Saturday, September 17

Naked Tomato Sauce

One of my favorite Italian restaurants in New York City offers a spaghetti al pomodoro that whisks you off to Rome with a single pasta-twirled forkful.  So I jumped at the opportunity to create my own space-time impossibility when I saw this post on the Smitten Kitchen blog (which I think was inspired by Scarpetta's Spaghetti with Tomato and Basil).  Understandably, my attempt fell a little short of the truly great spaghetti sauces.

In the year that I have officially been feeding myself without the aid of a meal plan or familial relation, I have found it incredibly useful to use recipes as a way to expose myself to a new type of cooking.  Then I can learn the basic principles of, say, pasta sauces and eventually branch off to my own variations.  And we know how much I love really simple, delicious things.

As for making your own tomato sauce from scratch, don't.  Well, don't unless the sauce is meant to exploit the flavor of the tomatoes.  Fresh tomatoes in this recipe works because it is a "naked tomato sauce".  I would stick with cans of crushed tomatoes or canned tomato sauce is you are going to add the whole shebang: meat, peppers, onions, mushrooms.

That's my plug for this recipe.  That, and it was flavorful and tasty enough to not need freshly grated parmesan.  Which I would have grated with the grater that cost almost half of what I paid for for 3 pots, 3 pans, 3 kitchen utensils, and a set of 5 mixing bowls.  But hey, it's an investment...?

Naked Tomato Sauce
from Smitten Kitchen

3 lbs plum tomatoes
3/4 tsp course salt
1 large clove garlic, thinly sliced
pinch of red pepper flakes
small handful of basil leaves
1/4 cup olive oil
3/4 lb dried spaghetti
1 tbs unsalted butter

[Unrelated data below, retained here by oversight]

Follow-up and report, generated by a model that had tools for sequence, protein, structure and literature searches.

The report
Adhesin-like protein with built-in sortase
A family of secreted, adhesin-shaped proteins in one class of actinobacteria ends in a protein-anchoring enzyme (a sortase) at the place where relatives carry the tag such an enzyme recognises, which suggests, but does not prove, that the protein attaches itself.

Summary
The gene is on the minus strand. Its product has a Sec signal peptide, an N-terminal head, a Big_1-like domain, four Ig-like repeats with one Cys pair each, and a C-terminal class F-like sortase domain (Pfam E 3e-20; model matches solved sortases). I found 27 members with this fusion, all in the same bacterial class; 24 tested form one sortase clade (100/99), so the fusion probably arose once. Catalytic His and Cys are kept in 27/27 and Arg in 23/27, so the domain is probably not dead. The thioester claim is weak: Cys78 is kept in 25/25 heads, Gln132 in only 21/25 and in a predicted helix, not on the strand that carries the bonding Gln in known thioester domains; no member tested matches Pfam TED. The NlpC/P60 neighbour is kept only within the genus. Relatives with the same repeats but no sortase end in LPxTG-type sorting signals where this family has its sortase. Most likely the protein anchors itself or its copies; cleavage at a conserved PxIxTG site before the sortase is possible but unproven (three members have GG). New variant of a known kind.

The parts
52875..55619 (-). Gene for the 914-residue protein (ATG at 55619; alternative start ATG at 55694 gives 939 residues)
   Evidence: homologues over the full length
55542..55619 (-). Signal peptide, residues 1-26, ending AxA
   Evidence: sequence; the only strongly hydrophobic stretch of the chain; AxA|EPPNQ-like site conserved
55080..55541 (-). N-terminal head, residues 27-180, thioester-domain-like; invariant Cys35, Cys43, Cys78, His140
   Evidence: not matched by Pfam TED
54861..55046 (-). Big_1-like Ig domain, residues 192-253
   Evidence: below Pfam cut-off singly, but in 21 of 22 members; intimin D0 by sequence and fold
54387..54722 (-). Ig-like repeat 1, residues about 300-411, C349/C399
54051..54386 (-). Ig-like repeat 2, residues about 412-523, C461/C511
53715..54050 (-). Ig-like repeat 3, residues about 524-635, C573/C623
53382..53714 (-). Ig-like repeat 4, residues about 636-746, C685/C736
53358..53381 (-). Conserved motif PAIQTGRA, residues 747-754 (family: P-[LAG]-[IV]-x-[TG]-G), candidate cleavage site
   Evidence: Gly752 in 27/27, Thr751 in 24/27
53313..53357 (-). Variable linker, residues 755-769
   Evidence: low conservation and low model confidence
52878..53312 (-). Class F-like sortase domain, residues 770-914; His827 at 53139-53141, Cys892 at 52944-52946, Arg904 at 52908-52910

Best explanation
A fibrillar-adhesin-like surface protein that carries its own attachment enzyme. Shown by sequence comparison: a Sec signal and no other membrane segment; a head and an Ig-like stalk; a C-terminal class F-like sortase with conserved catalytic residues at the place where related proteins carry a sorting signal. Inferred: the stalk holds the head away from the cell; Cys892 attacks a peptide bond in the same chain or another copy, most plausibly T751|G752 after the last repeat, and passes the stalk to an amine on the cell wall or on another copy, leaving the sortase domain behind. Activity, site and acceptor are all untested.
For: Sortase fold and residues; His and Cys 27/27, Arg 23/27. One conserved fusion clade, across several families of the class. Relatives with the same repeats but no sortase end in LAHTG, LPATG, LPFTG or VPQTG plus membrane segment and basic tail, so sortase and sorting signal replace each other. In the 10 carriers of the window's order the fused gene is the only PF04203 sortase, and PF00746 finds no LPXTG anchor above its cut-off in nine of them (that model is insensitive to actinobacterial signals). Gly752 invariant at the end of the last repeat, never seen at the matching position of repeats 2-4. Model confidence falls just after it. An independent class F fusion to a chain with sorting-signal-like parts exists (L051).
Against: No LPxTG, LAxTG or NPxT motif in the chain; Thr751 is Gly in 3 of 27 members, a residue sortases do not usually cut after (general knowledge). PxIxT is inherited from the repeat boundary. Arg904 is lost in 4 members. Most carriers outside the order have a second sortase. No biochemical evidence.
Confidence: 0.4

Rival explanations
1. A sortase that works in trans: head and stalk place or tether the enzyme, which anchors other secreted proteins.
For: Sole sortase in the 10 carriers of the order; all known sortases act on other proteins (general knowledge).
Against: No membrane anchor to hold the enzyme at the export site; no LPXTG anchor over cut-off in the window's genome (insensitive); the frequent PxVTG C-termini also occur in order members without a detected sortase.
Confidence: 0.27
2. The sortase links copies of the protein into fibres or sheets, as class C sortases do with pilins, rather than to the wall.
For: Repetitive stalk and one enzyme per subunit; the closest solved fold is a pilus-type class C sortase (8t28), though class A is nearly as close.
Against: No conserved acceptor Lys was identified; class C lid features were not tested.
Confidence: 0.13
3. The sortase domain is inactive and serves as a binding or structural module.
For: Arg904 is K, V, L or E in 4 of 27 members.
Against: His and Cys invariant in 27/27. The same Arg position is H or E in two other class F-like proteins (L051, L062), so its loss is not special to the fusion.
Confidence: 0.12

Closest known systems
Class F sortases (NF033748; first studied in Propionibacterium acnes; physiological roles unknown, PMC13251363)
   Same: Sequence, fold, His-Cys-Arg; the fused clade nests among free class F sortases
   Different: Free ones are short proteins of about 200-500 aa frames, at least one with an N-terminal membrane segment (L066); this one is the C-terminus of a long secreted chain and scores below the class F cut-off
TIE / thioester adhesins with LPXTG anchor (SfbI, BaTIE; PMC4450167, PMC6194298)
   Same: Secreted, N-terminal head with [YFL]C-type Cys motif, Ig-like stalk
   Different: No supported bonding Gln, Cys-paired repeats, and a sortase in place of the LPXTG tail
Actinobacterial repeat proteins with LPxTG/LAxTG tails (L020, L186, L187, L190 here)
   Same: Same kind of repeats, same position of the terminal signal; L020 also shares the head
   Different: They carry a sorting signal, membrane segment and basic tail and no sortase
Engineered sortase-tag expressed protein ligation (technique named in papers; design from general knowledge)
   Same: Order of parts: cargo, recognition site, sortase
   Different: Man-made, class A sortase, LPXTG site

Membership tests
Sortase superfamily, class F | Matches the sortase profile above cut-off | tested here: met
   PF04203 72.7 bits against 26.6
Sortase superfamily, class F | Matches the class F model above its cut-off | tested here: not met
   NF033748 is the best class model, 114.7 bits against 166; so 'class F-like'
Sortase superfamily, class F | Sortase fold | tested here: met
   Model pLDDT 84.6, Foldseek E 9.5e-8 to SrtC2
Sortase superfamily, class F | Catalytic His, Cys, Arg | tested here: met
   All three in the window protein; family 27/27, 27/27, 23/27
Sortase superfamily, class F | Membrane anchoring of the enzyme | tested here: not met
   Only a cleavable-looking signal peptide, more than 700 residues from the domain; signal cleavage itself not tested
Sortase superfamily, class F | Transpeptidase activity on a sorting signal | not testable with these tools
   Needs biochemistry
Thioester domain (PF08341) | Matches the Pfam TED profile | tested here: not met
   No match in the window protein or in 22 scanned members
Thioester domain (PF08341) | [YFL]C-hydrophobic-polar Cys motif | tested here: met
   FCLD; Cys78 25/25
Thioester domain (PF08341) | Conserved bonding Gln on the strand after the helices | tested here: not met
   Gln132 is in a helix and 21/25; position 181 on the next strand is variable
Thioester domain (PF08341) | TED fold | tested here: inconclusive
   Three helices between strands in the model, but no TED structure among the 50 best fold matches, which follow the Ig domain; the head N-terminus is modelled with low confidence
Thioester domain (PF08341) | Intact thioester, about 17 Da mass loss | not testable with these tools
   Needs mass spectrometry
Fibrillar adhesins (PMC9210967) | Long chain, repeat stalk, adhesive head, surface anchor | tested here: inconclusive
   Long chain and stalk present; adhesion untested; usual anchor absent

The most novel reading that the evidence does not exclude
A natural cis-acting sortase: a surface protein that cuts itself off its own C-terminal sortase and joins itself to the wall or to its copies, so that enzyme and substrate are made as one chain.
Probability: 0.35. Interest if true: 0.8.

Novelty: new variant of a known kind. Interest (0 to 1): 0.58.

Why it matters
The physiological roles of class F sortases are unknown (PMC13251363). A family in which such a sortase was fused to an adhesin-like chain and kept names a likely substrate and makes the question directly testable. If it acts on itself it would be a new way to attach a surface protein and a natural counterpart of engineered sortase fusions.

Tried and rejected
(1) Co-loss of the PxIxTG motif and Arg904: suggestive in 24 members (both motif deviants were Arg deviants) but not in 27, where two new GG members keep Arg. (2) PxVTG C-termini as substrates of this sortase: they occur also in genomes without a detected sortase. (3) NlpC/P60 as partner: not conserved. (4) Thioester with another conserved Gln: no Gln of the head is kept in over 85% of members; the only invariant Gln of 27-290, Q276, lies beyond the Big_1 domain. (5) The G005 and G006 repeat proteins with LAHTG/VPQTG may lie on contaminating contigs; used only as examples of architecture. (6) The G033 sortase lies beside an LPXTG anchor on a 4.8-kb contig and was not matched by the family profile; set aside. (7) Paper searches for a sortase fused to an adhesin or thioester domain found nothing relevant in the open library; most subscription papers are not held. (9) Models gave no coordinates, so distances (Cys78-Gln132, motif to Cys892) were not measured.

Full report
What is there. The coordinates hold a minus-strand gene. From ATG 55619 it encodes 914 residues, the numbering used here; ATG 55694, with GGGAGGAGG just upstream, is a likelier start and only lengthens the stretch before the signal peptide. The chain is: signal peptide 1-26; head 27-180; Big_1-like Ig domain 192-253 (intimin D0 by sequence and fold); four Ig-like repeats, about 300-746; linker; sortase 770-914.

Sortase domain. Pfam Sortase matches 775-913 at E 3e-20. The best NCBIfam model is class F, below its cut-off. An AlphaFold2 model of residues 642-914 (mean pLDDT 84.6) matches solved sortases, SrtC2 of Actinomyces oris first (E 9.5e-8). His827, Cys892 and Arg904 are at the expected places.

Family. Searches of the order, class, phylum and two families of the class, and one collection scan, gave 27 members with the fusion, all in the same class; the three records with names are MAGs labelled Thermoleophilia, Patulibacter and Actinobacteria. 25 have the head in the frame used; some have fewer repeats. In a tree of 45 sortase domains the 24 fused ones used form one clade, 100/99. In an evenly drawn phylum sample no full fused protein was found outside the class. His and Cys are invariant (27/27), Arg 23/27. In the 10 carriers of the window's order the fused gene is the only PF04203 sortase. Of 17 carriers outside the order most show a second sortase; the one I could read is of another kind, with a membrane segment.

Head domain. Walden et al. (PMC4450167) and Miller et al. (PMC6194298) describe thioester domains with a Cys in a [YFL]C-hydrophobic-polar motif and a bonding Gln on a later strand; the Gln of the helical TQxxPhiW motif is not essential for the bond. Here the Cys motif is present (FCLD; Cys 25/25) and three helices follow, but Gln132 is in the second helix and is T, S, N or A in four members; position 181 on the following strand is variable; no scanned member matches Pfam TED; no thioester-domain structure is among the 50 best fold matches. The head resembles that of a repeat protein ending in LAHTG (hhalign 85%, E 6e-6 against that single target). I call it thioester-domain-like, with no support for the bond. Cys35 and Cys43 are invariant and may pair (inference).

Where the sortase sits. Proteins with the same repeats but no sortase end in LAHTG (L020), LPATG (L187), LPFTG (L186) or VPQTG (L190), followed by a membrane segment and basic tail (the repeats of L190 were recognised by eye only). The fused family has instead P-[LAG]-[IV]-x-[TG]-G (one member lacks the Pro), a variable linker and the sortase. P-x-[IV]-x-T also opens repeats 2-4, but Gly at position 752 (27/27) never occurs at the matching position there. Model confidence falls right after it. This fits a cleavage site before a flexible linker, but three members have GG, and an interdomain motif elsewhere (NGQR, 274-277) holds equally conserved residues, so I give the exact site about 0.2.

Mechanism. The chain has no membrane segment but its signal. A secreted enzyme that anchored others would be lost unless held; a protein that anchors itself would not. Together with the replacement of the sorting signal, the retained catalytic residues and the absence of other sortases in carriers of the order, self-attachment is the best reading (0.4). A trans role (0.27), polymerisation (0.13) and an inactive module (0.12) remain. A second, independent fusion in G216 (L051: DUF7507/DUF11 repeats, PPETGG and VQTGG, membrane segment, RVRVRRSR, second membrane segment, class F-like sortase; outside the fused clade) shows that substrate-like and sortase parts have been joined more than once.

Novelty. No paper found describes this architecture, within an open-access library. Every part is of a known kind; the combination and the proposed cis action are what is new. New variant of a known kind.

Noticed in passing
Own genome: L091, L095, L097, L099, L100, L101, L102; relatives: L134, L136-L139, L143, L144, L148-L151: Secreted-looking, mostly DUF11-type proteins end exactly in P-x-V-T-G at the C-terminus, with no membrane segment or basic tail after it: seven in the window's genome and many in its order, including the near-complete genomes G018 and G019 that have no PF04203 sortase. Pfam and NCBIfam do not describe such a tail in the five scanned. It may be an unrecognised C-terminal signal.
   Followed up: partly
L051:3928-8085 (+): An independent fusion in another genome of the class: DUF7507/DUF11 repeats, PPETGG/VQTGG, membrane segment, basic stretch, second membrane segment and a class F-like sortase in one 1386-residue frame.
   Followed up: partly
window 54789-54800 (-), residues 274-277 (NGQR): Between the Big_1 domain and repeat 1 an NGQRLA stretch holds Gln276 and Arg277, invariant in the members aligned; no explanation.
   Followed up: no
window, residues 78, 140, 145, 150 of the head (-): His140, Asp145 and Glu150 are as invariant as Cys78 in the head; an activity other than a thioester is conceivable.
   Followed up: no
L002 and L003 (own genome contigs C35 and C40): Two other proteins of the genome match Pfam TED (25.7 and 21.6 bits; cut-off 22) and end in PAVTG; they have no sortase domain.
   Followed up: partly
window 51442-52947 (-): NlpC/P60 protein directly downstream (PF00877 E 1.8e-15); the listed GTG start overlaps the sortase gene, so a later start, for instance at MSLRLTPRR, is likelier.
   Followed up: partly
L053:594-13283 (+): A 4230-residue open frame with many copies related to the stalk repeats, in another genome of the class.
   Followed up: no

Peel the tomatoes.  The best way to do this is by cutting a shallow X in the bottom of each tomato, submerging them in water for about 30 seconds, and then shocking the fruit under cold water or with an ice bath.  Peeling off the skins should be pretty easy then.
Cut the tomatoes in half and scoop out the innards (the seeds and juices).  Strain everything and keep the juice.  You can discard the seeds.  Crush the tomato slices in a saucepan that can hold the sauce and the pasta.  Crush them using a potato masher, a slotted spoon, an immersion blender.... OR your hands!
Turn the heat onto medium-high until the tomatoes start to boil and then turn it to medium-low and let simmer for 35-45 minutes.

hand-crushed, baby

Meanwhile, combine the olive oil, garlic, red pepper, and basil in a tiny saucepan and bring to a boil as slowly as possible.  Infuse the olive oil.  When it boils, remove immediately from the heat and strain into a small ball.  Set aside for later.

After about 25 minutes of tomato-simmering, make the pasta but cook until it is very al dente because it will cook a bit more with the sauce.  Save about 1/2 cup of the pasta water to bring the sauce and pasta together.
Combine the pasta and infused oil in the tomato pot and add a little bit of the pasta water to bring everything together.  Consume.

This past week I was unbelievably able to attend the final match of the US OPEN!  Aanndd, Paul Simon was there!  So here's Paul Simon's "Cecilia":

Perelman, Deb. "Naked Tomato Sauce." Smitten Kitchen. 31 Aug. 2011. Web. 16 Sept. 2001. <>.

Friday, September 9

Carrot Cake Muffins

Trader Joe's sells these really fantastic carrot cake sandwich things (think a carrot cake whoopee pie).  These are not that type of muffin.  This particular recipe is from the Recipes for Health section of the New York Times.

As Martha Rose Shulman (the woman who developed and published this recipe) writes, "These spicy whole-grain muffins are just sweet enough, unlike most cloying carrot cakes."  Troublesome as it is, I have no problem with sweetness, cloying or otherwise.  The more the better, general health and well-being be damned.

ah, the healing powers of California's
natural light